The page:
“Well, no,” he said. “But I’m gonna stick with it. I got lots of starch in my spine.
“You got lots of rocks in your head. You could put muscles on a lamp post in three years.”

“You think there’s a better way to gain weight?”



So I told him.

I said, “Gaining weight isn’t that complicated. It’s the easiest thing in the world. But there’s certain principles to follow and you’re not following any of them.

One of the most important items is the amount of time you spend working out.

You don’t need to spend very long at it. If you’re trying to gain weight you’re better off doing too little than too much. Three workouts are fine for an advanced man with nothing else to do but they’re suicide for a guy building up.

Let’s be reasonable about it. Anybody who works for a living and spends three hours a day working out is making a social outcast of himself. Keep that up and the next sound you hear will be your old lady cackling as she runs off with the milkman.

You can gain all the weight you want and still lead a normal life.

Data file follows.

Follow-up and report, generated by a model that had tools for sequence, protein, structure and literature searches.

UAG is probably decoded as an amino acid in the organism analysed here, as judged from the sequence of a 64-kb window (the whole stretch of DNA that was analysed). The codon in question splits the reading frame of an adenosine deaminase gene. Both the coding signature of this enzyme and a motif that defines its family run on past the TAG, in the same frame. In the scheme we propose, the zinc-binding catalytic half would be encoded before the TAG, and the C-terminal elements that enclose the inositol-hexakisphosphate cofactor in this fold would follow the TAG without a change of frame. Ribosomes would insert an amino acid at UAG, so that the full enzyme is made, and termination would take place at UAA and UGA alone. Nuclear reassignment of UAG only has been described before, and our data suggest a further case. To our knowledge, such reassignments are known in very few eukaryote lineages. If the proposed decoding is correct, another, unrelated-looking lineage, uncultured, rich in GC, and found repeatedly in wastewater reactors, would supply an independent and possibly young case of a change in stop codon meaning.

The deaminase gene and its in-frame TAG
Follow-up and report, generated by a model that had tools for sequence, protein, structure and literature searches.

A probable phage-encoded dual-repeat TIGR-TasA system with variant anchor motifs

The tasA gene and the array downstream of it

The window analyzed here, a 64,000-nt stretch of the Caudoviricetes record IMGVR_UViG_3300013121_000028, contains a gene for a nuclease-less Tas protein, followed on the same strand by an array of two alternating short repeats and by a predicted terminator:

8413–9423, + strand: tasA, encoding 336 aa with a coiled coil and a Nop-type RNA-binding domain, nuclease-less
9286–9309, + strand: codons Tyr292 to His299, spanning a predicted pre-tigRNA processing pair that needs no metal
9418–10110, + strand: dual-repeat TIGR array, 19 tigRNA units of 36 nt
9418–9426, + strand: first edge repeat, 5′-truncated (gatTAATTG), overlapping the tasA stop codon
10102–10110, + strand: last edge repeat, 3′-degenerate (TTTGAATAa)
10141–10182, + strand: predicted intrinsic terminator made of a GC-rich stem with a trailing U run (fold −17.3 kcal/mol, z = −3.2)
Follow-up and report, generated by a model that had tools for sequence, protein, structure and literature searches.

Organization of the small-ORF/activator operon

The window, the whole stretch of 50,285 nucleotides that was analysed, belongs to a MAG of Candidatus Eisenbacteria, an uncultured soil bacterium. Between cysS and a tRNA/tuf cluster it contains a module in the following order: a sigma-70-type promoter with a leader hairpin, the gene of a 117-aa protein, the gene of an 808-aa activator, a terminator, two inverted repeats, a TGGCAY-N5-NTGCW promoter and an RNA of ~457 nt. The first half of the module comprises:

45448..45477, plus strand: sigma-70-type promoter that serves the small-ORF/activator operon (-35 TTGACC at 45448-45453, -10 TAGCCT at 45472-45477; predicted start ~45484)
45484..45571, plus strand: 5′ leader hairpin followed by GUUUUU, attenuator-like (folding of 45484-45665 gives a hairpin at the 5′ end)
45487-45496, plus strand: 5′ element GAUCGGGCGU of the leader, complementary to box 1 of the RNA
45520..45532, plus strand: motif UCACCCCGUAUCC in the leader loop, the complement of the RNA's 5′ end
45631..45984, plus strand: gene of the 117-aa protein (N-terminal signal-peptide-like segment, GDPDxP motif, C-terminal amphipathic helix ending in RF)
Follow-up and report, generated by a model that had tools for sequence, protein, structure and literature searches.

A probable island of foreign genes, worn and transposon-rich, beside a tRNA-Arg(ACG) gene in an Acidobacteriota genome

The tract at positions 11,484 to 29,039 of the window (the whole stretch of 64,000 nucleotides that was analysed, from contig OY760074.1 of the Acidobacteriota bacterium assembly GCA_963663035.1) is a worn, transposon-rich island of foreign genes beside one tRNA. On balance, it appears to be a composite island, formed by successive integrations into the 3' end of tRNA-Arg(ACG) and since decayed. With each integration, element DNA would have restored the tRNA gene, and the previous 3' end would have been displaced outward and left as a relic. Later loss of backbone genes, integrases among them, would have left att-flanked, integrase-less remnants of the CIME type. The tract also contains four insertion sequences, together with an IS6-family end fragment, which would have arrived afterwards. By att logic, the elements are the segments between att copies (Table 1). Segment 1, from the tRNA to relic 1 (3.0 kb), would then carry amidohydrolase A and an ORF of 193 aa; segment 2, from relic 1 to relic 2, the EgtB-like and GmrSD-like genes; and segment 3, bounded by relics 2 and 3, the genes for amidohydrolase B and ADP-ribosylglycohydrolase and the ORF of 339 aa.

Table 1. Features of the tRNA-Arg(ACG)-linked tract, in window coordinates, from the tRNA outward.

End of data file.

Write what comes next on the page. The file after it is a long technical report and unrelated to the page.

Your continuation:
Maurice Jones

The heaviest muscled man I ever met is Maurice Jones of Vancouver, B.C. You wouldn’t believe anyone could have that much muscle and every ounce of it was built with weights. I asked Maury how often he figured a man should work out.

“About an hour.”

Reg Park

I watched Reg Park work out once. I timed him. His workout took and hour and four minutes.
Gaining weight is a building process. Don’t tear it all back down again.

You only have so much energy. If you exceed it you won’t build up. You might even lose weight.
I was down in Chula Vista last summer. I dropped in to see Earl Clark. He’s a real friendly guy and built like nothing on earth. We spent a lot of time talking and I asked him how much time he spent working out.

He said, “From an hour to an hour and a half.”

“How often?”

“Three times a week.”

I said, “Do you think that’s enough?”

“Sure,” he said. “Plenty. Most of the guys spend too long at it. They do way too much. They’d look better if they did less.”

Earl Clark

If you can’t gain weight you’re doing something wrong. You’re probably overworking. The late Harry Paschal published a weight gaining routine once. I tried it. The workout took forty minutes and I gained eleven pounds in a month.

Peary Rader said he could never see any difference in the development of an advanced man who took about an hour and a half workout and those who spent half the day doing it.

The extra time is largely wasted. If you’re trying to gain it can even be detrimental.

Weight training is concentrated. You reach the point of diminishing returns very quickly.